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Century-Old Maine Shoe Company Up For Sale

March 3, 1987

WESTPORT, Conn. (AP) _ Chesebrough-Pond’s Inc. said Tuesday it wants to sell its Maine-based Bass shoe division, best-known for the popular Weejun loafer, but has not yet found an interested buyer.

Chesebrough, whose products include such household names as Vaseline skin lotions, Ragu spaghetti sauce and Prince tennis rackets, said retention of its footwear operation was not in keeping with long-term corporate strategy.

″We’re concentrating more on the personal care category,″ said Daria Sheehan, manager of consumer programs.

Chesebrough has ″several″ potential buyers, she said, ″but we can’t comment on anyone specifically.″

The sale of Bass would be Chesebrough’s second major divestment in a year and a half. In September 1985 the company sold its Health-tex children’s clothing division to a management group. hich are larger and more efficient. The move is being challenged by the union representing the 1,000 Maine workers who stand to lose their jobs.

G.H. Bass & Co., with headquarters in Falmouth, Maine, has been in operation since 1876. A family-owned company for most of its history, it was acquired by Chesebrough in 1978.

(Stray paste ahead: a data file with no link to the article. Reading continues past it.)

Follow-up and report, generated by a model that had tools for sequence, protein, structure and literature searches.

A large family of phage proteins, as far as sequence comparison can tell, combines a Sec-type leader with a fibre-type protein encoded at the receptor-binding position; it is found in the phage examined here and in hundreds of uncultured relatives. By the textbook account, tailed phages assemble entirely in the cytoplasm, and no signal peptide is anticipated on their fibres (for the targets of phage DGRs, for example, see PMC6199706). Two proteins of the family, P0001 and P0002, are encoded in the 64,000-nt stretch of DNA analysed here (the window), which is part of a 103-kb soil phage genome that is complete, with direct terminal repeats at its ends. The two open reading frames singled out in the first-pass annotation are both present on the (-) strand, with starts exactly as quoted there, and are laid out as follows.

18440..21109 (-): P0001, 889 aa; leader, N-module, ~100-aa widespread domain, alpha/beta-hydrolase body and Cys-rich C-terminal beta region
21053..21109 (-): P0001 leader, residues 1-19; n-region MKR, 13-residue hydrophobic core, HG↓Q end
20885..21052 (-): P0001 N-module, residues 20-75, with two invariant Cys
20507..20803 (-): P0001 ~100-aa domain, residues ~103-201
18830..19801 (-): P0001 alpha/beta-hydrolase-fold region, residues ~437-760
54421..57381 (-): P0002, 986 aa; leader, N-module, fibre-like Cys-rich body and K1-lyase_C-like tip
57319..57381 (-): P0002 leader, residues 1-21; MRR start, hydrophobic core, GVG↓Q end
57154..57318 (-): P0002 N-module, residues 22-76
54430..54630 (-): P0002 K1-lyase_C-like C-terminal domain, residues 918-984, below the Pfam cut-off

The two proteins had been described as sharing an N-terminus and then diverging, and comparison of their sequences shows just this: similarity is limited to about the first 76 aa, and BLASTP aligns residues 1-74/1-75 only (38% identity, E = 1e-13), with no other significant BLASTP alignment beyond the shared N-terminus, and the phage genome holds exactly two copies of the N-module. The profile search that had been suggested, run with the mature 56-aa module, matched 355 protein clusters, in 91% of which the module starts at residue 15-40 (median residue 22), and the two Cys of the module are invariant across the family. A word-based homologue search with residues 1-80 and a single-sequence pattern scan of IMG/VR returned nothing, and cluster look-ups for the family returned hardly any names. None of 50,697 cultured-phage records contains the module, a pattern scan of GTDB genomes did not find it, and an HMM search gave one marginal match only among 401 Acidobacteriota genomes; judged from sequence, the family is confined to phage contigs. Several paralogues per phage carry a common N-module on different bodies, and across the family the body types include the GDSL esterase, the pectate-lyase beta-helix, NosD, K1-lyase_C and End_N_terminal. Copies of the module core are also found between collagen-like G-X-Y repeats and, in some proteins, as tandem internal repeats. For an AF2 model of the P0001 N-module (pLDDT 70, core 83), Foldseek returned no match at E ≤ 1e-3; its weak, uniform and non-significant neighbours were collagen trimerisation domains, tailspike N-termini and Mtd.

Chesebrough itself was recently taken over by the U.S. subsidiary of Unilever, the giant British conglomerate whose lines of food and personal care products are compatible with those of Chesebrough.

Bass, with 1986 sales totalling $170 million, has its primary plant in Wilton, Maine. A smaller plant in Rumford, Maine, has closed and a plant in Berlin, N.H., is being phased out, Ms. Sheehan said. The company has a total of 3,000 employees.

In keeping with recent trends within the industry, Bass has shifted some of its production outside the United States by opening a plant in Puerto Rico.

At the same time, Bass has expanded into the retail end of the shoe business, opening 117 outlet and full-price ″concept″ stores throughout the country and launching a shop-by-mail catalog division, according to Ms. Sheehan.

Although women’s shoes account for most of the production, the company is best-known for the Weejun loafer, introduced 50 years ago and still a favorite on prep school and college campuses and in the business world.

Shearson, Lehman Brothers Inc., the New York investment banking firm, is advising Chesebrough on the proposed sale.

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